Three years ago, on a crisp November morning, my mother fell down a long flight of stairs in her home. I didn't know at the time that her life, and mine, were also about to descend into a dark and often agonizing journey through Canada's healthcare system, or that I would witness the life-affirming heights to which the human spirit can soar out of love and devotion.
She suffered hemorrhages to several parts of her brain. Then 89, she was given little chance by neurosurgeons at one of Canada's leading teaching hospitals. They declined to operate and left her on life support. Elderly patients rarely survive a fall like this. But within a few days, she awoke from the coma she had been in and could recognize familiar faces. She began to show gains that even surprised her nurses. That progress was shattered a week later, when she suffered a cardiac arrest after being transferred to another unit that failed to monitor her condition adequately.
While almost no patient over 80 survives a cardiac arrest, more brain damage resulted. She now required a tracheostomy in order to breathe and a stomach feeding tube for all her nutrition and medication. The trauma centre's lead physician warned that she would never leave the hospital alive.
After some three months, she was transferred to a hospital closer to her home. There, an incredible cascade of medical errors led to life-threatening incidents and more setbacks. By the time this second hospital was through with my mother, her demise was said to be "imminent."
Mother had other ideas. When we brought her home to a setting that virtually replicated her hospital room, we did not think it would be for very long. But I could see from her eyes, and from her radiant smile, that she was beginning to focus on getting better. I had a feeling that she had decided to make the journey back. If she was willing to embark on that monumental effort after all she had been through, the least I could do was devote all the time and energy I had to help make her recovery possible.
Learning about the effects of a brain injury was the first step. The hospitals had been pretty useless in providing any information about the brain's recovery from a serious injury. We scoured the Internet every night for anything that would help us understand what was happening with Mother's brain and what she needed to recover.
Next, we took a serious look at her medication. Some drugs were prescribed in doses far in excess of what is recommended. Serious medication conflicts and clinically significant interactions had been ignored. I contacted some of the best experts in their fields for help. Once her medication regimen was sorted out, progress came faster.
Then, my brother and I took on the roles of physiotherapist and speech therapist. We looked for all the best advice we could get. Something must have worked. Mother began to talk and to show curiosity about her surroundings. By her 90th birthday, she was walking again, with assistance. It had been quite an eventful year.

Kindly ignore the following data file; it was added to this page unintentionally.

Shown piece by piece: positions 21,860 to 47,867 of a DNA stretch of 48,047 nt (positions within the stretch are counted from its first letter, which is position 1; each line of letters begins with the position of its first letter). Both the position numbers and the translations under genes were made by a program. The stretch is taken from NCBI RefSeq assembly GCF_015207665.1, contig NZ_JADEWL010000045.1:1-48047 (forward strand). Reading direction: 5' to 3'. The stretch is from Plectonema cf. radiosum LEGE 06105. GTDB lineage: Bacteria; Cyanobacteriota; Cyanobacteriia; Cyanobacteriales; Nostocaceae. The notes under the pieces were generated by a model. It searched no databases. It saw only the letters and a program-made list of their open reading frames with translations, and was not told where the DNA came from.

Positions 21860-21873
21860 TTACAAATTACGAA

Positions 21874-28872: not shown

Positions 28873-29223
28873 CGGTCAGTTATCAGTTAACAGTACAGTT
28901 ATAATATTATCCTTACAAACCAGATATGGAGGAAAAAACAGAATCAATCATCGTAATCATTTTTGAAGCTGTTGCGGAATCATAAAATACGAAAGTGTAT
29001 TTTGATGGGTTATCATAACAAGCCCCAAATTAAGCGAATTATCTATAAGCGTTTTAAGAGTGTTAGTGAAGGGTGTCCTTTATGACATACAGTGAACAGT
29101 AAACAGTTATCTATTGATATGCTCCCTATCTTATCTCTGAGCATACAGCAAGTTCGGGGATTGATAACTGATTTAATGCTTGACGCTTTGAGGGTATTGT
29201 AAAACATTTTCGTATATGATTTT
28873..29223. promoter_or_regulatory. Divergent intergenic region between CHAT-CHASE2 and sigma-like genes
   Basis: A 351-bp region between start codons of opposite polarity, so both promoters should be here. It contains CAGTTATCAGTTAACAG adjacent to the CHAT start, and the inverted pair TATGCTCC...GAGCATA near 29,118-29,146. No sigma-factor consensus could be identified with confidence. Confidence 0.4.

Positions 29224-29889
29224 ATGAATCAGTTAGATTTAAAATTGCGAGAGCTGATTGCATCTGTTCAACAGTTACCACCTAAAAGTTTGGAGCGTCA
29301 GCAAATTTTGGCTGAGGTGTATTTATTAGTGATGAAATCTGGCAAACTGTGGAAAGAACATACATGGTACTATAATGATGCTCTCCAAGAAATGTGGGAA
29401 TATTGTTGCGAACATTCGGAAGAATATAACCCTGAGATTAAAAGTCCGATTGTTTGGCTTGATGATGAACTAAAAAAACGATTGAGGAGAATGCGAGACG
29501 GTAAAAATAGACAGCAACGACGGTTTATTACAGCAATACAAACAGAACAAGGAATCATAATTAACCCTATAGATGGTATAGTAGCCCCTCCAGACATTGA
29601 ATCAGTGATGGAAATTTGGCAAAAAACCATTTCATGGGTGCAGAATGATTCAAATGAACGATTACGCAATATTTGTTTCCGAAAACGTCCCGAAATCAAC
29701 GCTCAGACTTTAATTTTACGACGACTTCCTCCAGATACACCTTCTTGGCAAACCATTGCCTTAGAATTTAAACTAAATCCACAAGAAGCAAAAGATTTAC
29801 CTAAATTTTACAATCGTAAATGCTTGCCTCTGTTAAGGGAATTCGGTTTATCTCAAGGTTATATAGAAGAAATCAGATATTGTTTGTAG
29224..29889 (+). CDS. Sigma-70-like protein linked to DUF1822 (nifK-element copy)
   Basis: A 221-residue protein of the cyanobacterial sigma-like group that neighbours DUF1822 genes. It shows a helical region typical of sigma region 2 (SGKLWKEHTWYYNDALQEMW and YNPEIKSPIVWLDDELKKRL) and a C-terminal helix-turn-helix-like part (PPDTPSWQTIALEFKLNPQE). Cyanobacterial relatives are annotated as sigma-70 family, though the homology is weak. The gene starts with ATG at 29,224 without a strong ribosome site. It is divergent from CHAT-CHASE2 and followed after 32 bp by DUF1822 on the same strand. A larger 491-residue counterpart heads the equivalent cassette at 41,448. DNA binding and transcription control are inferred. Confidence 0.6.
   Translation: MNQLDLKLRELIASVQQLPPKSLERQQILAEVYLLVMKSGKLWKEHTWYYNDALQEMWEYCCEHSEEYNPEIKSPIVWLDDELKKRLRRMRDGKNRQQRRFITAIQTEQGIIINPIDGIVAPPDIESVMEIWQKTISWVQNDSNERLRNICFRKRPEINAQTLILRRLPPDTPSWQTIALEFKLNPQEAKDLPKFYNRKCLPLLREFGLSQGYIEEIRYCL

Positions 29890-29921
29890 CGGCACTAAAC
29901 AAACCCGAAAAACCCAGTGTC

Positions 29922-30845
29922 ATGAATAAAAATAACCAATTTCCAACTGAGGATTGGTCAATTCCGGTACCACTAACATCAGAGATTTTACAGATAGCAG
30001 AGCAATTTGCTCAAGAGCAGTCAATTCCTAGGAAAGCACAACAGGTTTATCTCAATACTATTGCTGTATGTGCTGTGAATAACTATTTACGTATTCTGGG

Today, she can read and recite lines from her favourite poetry. She engages in conversations and asks questions about the world around her. At a family event last summer she joined with us in singing "Happy Birthday." Everyone was blown away. One day, after we helped her walk back to her bedroom, I reminded her that her doctors said she would never walk again. Without a second's hesitation, she responded, "Well, they were wrong, weren't they?" Mother was back.
There are challenging days still, as there are with anyone recovering from a traumatic brain injury. And Mother would have been so much further ahead if she had received the hospital care and support she needed. I might even have been able to resume my career. But after one or two of what I call "cloudy days," she will suddenly show a flash of insight or an observation that astonishes. Sitting in the garden this summer she turned and looked over to some bright yellow flowers. "That's a lovely flock of coreopsis," she said.
The events of the past three years have moved my life onto another unexpected path, as an advocate for greater patient safety and stronger healthcare accountability. They have also brought me into contact with families from Cardiff to Canberra and all through Canada and the United States, who share the common bond of hospital horror stories and a determination to bring about change. Their experiences have convinced me that had we not been a constant presence in our mother's hospital care, and intervened to prevent and respond to the epidemic of medical errors inflicted on her, the outcome would have been very different. Fortunately, we discovered a highly-skilled home care nurse whose tender touch and positive attitude is exactly what my mother needed to improve. It is moving to see the bond they have developed.
I have also seen that there is something astonishing in what the brain can do to repair itself. Luckily, it is not always determined by the dismal pronouncements of doctors.
Most of all, I have learned that my mother, at the age of 92, still has much to teach about the indomitability of the human spirit and the power of faith. As we were growing up, she often reminded us that life is about overcoming barriers and clearing the path for others. Having spent so many years as a nurse healing those who were hurt and comforting people struggling with addictions, it is so much like the unique person she is that she would make it possible for her personal tragedy, and what she has done to overcome it, to become a story that can inspire and help others.
It has been a gift to be able to walk this journey with my remarkable mother.
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